University of Pennsylvania study: True grit of individual teacher linked to effectiveness and retention

11 Mar

Melanie Smollin has an excellent post at Take Part, Five Reasons Why Teacher Turnover Is On The Rise:

With approximately 1.6 million teachers set to retire in the next decade, replenishing America’s teaching force should be a top priority. But filling classrooms with new teachers is only half the battle. Retaining them is equally important.
Numerous studies show that teachers perform best after being in the classroom for at least five years. According to a McKinsey study, 14 percent of American teachers leave after only one year, and 46 percent quit before their fifth year. In countries with the highest results on international tests, teacher turnover rates are much lower—around 3 percent.
This constant cycling in and out of new teachers is a costly phenomena. Students miss being taught by experienced educators, and schools and districts nationwide spend about $2.2 billion per year recruiting and training replacements.
Why are so many new teachers fleeing the profession after so few years in the classroom? Here are the top five reasons teacher turnover is an ongoing challenge:
5. BURNOUT: A recent U.C. Berkeley study of Los Angeles charter schools found unusually high rates of teacher turnover. At the 163 charter schools studied, teacher turnover hovered around 40 percent, compared to 15 percent at traditional public schools.
Since demands on charter school educators are seemingly boundless, including extended hours, researchers theorized, burnout is a viable explanation for the teacher exodus. “We have seen earlier results showing that working conditions are tough and challenging in charter schools,” explained U.C. Berkeley’s Bruce Fuller. “Charter teachers wear many hats and have many duties and are teaching urban kids, challenging urban kids, but we were surprised by the magnitude of this effect.”
4.THREAT OF LAYOFFS: In response to annual budget shortfalls, districts nationwide have sent pink slips to tens of thousands of teachers each spring for the past four years. In 2011, California sent out 30,000….
3. LOW WAGES: U.S. Secretary of Education Arne Duncan recently said that teachers should earn between $60,000 and $150,000 per year. That’s a far cry from the current national average starting salary for teachers, which is $35,139….
2. TESTING PRESSURE: Since the No Child Left Behind Act was introduced in 2001, standardized test scores in math and reading have become the most important accountability measure used to evaluate schools.
Studies show that pressure to raise student test scores causes teachers to experience more stress and less job satisfaction. Many educators resent narrowing curriculum and stifling creativity in favor of teaching to the test.
On the National Center for Education Information’s “Profile of Teachers in the U.S. 2011,” the majority of comments submitted by survey respondents were “expressions of strong opposition to the current emphasis on student testing.”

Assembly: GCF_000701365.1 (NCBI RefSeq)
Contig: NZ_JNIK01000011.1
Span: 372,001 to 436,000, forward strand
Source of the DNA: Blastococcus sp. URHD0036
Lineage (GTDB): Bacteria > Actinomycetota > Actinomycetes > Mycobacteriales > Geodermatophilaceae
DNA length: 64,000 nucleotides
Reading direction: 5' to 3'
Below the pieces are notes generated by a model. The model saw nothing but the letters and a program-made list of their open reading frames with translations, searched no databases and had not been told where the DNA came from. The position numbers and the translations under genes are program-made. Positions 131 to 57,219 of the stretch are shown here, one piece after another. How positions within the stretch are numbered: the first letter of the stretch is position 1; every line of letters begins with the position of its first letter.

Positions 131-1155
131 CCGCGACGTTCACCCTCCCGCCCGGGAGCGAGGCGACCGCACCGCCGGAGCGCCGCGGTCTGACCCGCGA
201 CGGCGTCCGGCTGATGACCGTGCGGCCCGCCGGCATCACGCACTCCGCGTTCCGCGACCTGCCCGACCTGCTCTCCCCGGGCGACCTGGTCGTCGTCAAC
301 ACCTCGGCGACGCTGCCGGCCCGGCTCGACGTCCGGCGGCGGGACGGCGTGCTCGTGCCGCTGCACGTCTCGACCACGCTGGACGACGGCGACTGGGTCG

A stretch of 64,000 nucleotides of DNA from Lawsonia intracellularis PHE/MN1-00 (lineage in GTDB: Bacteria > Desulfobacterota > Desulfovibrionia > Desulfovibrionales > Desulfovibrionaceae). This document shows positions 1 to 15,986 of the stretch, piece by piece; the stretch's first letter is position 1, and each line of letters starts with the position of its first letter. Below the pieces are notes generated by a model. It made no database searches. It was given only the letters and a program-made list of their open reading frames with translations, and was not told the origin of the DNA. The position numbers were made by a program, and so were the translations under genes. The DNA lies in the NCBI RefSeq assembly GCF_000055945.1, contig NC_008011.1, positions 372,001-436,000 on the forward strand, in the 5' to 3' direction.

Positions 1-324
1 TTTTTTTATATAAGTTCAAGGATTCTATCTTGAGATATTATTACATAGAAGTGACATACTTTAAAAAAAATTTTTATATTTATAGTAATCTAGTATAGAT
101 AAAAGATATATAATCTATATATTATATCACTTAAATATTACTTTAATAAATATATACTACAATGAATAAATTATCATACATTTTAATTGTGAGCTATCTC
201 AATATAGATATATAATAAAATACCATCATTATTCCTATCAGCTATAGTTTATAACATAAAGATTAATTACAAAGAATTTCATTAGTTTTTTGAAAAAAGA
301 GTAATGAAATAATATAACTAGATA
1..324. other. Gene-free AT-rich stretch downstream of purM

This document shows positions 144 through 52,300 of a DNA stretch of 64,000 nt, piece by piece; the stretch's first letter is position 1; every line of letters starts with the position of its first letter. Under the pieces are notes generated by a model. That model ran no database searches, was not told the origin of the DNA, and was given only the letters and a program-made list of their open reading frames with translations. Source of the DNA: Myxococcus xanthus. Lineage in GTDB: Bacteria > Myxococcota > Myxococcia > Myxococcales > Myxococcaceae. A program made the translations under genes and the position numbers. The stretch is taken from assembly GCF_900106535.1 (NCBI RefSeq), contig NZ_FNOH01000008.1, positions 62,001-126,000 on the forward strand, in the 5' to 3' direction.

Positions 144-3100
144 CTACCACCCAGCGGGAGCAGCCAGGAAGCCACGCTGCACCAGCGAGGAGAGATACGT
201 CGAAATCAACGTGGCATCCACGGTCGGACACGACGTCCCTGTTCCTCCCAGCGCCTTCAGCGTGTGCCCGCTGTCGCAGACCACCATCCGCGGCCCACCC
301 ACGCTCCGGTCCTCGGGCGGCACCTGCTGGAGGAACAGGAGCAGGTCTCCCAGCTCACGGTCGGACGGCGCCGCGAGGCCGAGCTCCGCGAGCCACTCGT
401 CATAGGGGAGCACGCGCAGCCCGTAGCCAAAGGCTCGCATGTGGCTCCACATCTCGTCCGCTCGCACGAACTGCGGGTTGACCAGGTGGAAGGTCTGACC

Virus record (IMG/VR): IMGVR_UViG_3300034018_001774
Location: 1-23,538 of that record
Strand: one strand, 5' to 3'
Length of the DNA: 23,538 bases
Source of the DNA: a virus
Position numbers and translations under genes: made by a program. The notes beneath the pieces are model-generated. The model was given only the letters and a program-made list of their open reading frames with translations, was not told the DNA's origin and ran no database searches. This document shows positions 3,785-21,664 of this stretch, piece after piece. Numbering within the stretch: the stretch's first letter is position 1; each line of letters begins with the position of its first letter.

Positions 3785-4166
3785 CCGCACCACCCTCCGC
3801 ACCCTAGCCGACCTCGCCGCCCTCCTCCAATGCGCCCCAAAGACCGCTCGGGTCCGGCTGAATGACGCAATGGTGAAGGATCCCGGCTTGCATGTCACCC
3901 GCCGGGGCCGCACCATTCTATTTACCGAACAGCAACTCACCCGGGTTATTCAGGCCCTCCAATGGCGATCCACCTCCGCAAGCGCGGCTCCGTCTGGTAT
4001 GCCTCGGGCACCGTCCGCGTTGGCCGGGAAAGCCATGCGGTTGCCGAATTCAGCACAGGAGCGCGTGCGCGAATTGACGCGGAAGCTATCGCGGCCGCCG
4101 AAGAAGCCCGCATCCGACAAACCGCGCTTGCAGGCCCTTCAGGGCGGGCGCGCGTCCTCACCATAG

As states increasingly rely on standardized test scores to evaluate individual educators, determine teacher pay and make lay-off decisions, testing pressure will only increase.
1. POOR WORKING CONDITIONS: When the Gates foundation polled 40,000 teachers about job satisfaction, the majority agreed that supportive leadership, time for collaboration, access to high quality curriculum and resources, clean and safe buildings, and relevant professional development were even more important than higher salaries.
But working conditions in many public schools remain far from this ideal—especially for beginning teachers, who are most likely to be assigned to the highest-need schools. Despite the added challenges they face, these teachers are often given few resources and little professional support.

Since many teachers will be leaving the profession in the next few years, the question is what effect teacher departures have on students and are there traits of teachers who choose to remain in the classroom which should be studied.

Holly Yettick reported in the Education Week article, Study Links Teacher ‘Grit’ with Effectiveness, Retention:

In recent years, we’ve heard a lot about gritty students. Now grit researchers are turning their attention to teachers. In a study published in the current issue of the peer-reviewed journal Teachers College Record, University of Pennsylvania researchers Claire Robertson-Kraft and Angela Duckworth found that, for novice teachers in high-poverty school districts, higher levels of “perseverance and passion for long-term goals” (aka “grit”) were associated with higher rates of effectiveness and retention.
“No single factor alone should determine a hiring decision for a teacher,” said Robertson-Kraft, a doctoral candidate in education policy and former 3rd grade teacher. “But the study does suggest that grit is one factor that could be considered among many.”